Glucose and other sugars are important products of photosynthesis, but they aren't the only important products. The oxygen molecules that are released, or "exhaled", by plants is also vital to animal life here on Earth.
This is called a chemical equation and it shows us how the atoms rearrange during photosynthesis. If you count carefully, you'll see that we start and end up with exactly the same number of atoms--the only difference is the order the atoms are combined. This is called the Law of Conservation of Matter and it's one of the biggest theories in all of science.
Here is the carbon dioxide the plant absorbs from the air. The coefficient 6 tells us how many molecules of carbon dioxide we begin with. How many atoms of carbon are found in one carbon dioxide molecule?
Here is the water the plant absorbs from the soil using its roots. How many atoms of oxygen are found in one molecule of water? How many atoms of hydrogen? If we have six water molecules, how many oxygen atoms in total? How many hydrogen atoms in total?
Sunlight provide the energy needed to rearrange the water and carbon dioxide into glucose. This formula represents one glucose molecule. How many carbon atoms do you see? How many hydrogen atoms do you see?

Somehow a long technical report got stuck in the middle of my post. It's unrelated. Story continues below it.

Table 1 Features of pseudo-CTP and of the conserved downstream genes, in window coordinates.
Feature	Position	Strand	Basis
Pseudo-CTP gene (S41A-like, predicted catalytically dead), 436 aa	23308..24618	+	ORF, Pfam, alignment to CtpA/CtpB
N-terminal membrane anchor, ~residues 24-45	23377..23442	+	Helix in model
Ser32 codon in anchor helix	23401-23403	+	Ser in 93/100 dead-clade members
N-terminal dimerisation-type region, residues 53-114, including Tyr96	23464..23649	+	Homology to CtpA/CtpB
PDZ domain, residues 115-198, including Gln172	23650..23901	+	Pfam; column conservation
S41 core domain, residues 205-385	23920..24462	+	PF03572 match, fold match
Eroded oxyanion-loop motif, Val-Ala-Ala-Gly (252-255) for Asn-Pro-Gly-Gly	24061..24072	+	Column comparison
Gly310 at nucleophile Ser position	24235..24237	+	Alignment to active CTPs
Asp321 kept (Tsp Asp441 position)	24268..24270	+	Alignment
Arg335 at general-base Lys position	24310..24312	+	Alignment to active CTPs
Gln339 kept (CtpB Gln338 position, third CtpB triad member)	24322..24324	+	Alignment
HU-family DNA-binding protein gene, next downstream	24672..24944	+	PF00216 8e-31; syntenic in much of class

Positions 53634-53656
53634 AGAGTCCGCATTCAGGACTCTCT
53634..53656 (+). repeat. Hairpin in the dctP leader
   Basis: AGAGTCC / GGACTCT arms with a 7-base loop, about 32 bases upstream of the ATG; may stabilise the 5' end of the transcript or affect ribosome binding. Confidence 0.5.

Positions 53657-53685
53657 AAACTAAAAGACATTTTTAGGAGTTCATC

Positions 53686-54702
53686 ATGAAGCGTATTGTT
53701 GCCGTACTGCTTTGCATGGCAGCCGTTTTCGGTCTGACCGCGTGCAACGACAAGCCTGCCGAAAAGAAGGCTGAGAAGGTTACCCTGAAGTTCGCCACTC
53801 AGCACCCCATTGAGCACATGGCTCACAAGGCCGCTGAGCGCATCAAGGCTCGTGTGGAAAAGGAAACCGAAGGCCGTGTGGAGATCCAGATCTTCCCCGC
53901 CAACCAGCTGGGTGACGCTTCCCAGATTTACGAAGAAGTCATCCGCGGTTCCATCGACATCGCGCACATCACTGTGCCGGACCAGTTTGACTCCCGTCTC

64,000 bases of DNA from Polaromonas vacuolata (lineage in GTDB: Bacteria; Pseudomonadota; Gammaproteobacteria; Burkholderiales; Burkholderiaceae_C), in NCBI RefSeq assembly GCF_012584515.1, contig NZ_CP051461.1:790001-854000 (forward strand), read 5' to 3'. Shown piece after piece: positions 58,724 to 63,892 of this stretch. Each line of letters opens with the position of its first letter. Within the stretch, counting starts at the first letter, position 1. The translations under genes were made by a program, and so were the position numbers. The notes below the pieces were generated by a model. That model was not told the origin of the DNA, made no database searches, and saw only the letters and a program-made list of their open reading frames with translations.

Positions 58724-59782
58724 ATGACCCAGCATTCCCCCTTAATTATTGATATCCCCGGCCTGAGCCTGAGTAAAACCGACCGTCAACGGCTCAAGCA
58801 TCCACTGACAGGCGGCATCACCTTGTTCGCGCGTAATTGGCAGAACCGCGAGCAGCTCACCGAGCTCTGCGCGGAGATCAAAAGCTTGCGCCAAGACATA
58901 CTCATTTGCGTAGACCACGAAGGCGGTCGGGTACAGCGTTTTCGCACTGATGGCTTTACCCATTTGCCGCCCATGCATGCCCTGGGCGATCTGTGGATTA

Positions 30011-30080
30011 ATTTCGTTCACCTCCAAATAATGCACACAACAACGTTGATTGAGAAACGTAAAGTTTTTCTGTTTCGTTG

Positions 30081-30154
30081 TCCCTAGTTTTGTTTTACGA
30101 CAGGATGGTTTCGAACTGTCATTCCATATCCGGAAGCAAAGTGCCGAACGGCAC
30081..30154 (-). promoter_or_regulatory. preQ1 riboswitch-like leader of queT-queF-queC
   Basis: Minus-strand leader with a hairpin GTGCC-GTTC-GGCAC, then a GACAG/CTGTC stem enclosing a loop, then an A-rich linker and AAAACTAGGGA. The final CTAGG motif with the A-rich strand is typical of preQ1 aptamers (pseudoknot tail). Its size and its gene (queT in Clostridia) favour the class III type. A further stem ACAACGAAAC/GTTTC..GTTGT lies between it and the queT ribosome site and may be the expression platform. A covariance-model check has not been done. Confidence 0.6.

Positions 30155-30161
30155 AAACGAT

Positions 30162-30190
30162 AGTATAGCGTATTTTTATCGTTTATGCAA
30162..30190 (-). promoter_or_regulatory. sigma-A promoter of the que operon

The oxygen here is left over after the glucose molecule has formed. Because plants don't need this leftover oxygen, they release it into the air. Where do you suppose this extra oxygen came from? How do you know?
Cell Respiration and Energy
So let's get some vocabulary out of the way.
: the process used by animal cells to combine oxygen and glucose to produce energy, carbon dioxide, and water (in the form of vapor).
: like chloroplasts in plant cells, these are the structures where glucose and oxygen are combined and then broken apart into energy, water, and carbon dioxide.
: the energy molecule that animal cells make from glucose and oxygen. ATP is transported all over an animal's body where cells smash it to release energy plus water vapor and carbon dioxide.
We won't get much deeper into the chemistry of cells except to say the following. First, animals also absorb minerals and other materials from the plants they eat, and those other materials are used to help animals grow and develop. Plants also use some of the same minerals, but most of the mass of a plant comes from the carbon they use to build stems and leaves and cellulose and roots and so on.
Hey, who wants to watch another video?
Cell respiration is pretty much the same as photosynthesis, with just a few differences. Plant cells use sunlight to kick start their energy process by using it combine water and carbon dioxide together inside the chloroplasts in their cells to make glucose and oxygen. Animal cells take that same glucose and oxygen and combine it in the mitochondria in their cells to get energy (that's the ATP) and release water and carbon dioxide.